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Healthy cooking starts at the grocery store
* Don't go when hungry.
* Allow enough time to read labels and compare foods.
* Look through the food you already have at home.
* Check out the sales in the newspaper grocery inserts.
* Look up some low-fat, low-calorie or heart-healthy recipes to try.
Healthy cooking doesn't start in the kitchen. It starts at the grocery store, according to Jacinta Krych, outpatient nutritionist at Yuma Regional Medical Center.
“We have to buy the food before we start cooking,” she noted.
But going to the store and trying to choose “good” foods might be intimidating. Where do you start?
The nutritionist offered suggestions on what to look for and how to make good choices when shopping for food.
Krych recommends making a grocery list before you go to the store, shopping around the perimeter of the store and asking when selecting an item: “Is this food the best option for me? Is there something lower in salt and fat?”
Sodium and fat – these are the biggest enemies.
“Sodium can increase your blood pressure and cause extra fluid in the body. Fat can increase cholesterol and the waistline,” Krych noted.
How much sodium should someone ingest in a day? No more than 2,000 milligrams (mg) per day, which is equivalent to one teaspoon.
Krych pointed out that this includes the salt contained in all food consumed in a day, not just the salt that comes from the shaker, which should be limited to one-eighth of a teaspoon (250 mg).
And when trying to figure out how much sodium is in a food item, remember to look at the serving size listed on the nutrition label and multiply the sodium milligrams by the serving.
However, Krych said, not all fat is unhealthy, especially if it comes from vegetables. She listed the top three healthy oils as those that come from olives, canola and peanuts. Avocados, margarine and nuts are also good, with the exception of cashews, which are too oily.
Foods with trans fats should be avoided. If it has saturated fat, it should be less than a gram.
Tackling the store by food groups, Krych started in the produce department, “where you should be spending most of your time.”
You might think, “Salad, where can we go wrong?” Plenty, if you top with “unhealthy” ingredients, such as sugar, salad dressing and oils. Keep these to a minimum.
When it comes to vegetables, what's best – fresh, frozen or canned? “Fresh is the best option,” she said.
Frozen is good too, but it can go from good to bad if it's smothered in cream or butter sauce.
Canned vegetables might have extra salt, so look for canned products that have no added salt.
Canned soups are notorious for being loaded with sodium. Some have an entire day's worth in a single can. Even the “reduced sodium” soups are “still very, very high” in sodium,” Krych said.
In this case, homemade soups might be the best bet. “It takes longer to make things from scratch at home,” but it's well worth it, she noted.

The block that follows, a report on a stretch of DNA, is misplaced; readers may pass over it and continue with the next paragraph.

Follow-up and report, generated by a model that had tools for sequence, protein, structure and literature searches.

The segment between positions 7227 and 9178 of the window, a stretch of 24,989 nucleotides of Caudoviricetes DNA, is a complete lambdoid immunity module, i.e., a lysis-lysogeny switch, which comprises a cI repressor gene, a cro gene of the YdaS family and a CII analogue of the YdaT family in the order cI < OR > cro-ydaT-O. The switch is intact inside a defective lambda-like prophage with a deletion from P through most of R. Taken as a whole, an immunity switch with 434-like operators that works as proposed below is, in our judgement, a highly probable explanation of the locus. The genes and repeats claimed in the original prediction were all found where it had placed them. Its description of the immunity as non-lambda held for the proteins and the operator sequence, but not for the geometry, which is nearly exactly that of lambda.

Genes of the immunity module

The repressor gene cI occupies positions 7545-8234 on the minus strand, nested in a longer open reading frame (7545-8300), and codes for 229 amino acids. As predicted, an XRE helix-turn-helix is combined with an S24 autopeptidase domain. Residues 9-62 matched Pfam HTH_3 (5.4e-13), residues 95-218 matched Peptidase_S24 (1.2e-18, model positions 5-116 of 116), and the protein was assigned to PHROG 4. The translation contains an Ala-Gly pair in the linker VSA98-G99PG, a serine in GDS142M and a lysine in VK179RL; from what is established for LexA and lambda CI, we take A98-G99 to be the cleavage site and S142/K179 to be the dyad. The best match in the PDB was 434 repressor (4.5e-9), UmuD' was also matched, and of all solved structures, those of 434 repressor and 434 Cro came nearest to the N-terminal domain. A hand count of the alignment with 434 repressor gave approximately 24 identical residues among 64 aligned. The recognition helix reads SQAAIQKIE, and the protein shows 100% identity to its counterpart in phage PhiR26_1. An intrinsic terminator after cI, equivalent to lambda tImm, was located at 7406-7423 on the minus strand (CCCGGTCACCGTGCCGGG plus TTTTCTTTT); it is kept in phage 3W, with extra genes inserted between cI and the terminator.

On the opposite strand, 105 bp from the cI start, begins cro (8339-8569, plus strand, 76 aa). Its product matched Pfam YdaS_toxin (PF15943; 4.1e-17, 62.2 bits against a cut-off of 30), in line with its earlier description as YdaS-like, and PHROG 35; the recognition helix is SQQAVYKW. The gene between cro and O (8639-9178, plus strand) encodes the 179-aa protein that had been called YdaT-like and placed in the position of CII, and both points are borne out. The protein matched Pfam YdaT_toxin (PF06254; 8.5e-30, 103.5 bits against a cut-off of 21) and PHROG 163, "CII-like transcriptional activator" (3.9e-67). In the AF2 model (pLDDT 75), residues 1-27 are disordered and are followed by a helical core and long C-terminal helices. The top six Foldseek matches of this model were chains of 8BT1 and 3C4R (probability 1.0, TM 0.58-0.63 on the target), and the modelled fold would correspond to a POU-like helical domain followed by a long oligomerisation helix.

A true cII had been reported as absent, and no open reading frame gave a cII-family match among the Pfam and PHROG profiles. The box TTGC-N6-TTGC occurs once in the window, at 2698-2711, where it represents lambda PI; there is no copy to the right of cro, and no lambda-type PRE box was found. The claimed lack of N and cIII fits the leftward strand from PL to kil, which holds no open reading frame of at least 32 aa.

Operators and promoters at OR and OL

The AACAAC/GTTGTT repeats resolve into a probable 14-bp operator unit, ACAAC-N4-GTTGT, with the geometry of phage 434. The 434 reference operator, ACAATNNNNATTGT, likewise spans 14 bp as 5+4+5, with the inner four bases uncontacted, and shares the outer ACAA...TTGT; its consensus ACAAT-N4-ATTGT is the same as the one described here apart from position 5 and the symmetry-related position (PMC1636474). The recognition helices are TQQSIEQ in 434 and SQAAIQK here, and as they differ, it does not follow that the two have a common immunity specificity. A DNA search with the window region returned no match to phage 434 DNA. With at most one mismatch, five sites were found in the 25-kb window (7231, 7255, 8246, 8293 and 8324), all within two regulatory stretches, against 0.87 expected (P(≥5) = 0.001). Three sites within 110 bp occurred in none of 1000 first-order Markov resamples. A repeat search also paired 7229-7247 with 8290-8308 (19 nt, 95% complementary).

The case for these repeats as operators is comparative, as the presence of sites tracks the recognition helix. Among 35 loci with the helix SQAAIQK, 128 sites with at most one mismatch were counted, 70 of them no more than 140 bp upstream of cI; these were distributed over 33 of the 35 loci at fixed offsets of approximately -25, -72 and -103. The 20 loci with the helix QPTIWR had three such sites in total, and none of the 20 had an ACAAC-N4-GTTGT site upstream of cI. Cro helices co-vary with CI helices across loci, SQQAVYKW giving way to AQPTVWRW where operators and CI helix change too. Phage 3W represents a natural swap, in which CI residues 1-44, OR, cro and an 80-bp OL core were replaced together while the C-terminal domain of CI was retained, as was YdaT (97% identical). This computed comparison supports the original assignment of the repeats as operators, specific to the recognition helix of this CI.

Fresh fruit is almost fail-proof. Krych likes to challenge her clients to try “something new,” like jicama. If choosing canned fruit, make sure it has no added sugar.
In the meat department, “look for lean and fresh (or) frozen meats,” Krych said.
Ground meat should be 90 percent lean or higher. If it's 75 percent, drain the fat when cooking it.
And remember that white meat is healthier; chicken and turkey have less fat than dark meats. But chicken breasts should be cooked without the skin.
Although fish is generally higher in calories, it comes from “healthy fat.” However, anything breaded and deep fried erases the healthy benefits.
The more processed a food is, the more fat and salt it has. Think hot dogs, sausages and brats.
Krych suggests trying meatless options, such as soy.
In the bread aisle, look for whole grains versus processed grains. The first ingredient should say “whole” (wheat, rye, etc.)
“Every thing made with flour, you can find in a whole grain option,” Krych said.
As for rice, it's better to replace it with an “exotic” grain, such as quinoa. Most packages have recipes on the back.
For dairy, choose low-fat options, such as low-fat yogurt and 1 percent skim milk. “Two percent is still high,” Krych said, adding that milk can be substituted with unsweetened almond milk.
White cheese is better than yellow cheese. And “Velveeta is not a real dairy product,” she quipped.
Tub margarine is healthier because it has vegetable oil versus the animal fat in butter. Stick butter is the worst offender because it's high in salt and animal fat.
Boxed or frozen meals are not very heart healthy because they are “very, very high” in salt and fat, Krych said.
Smart Ones are the best choice but they're still high in salt, she added.
For seasonings, Krych recommends Mrs. Dash, which comes in a variety of flavors. Many condiments are available in no-salt or low-salt versions.
When it comes to snacks, go for the scoop-it-yourself candy bins, which are lower in sodium. Popcorn is a whole grain, but pay attention to what's on it. The 100-calorie packs are a good choice.
Some good snack alternatives are Pop Chips, Quaker rice cakes and kale chips, which could be made at home (recipes abound on the Internet).
And, lastly, fear not, chocolate lovers. The sweet treat is good for you in moderation because it contains antioxidants. But look for dark chocolate that is at least 60 percent cocoa.
In the end, Krych hopes her clients remember one thing: “The less processed the food, the healthier.”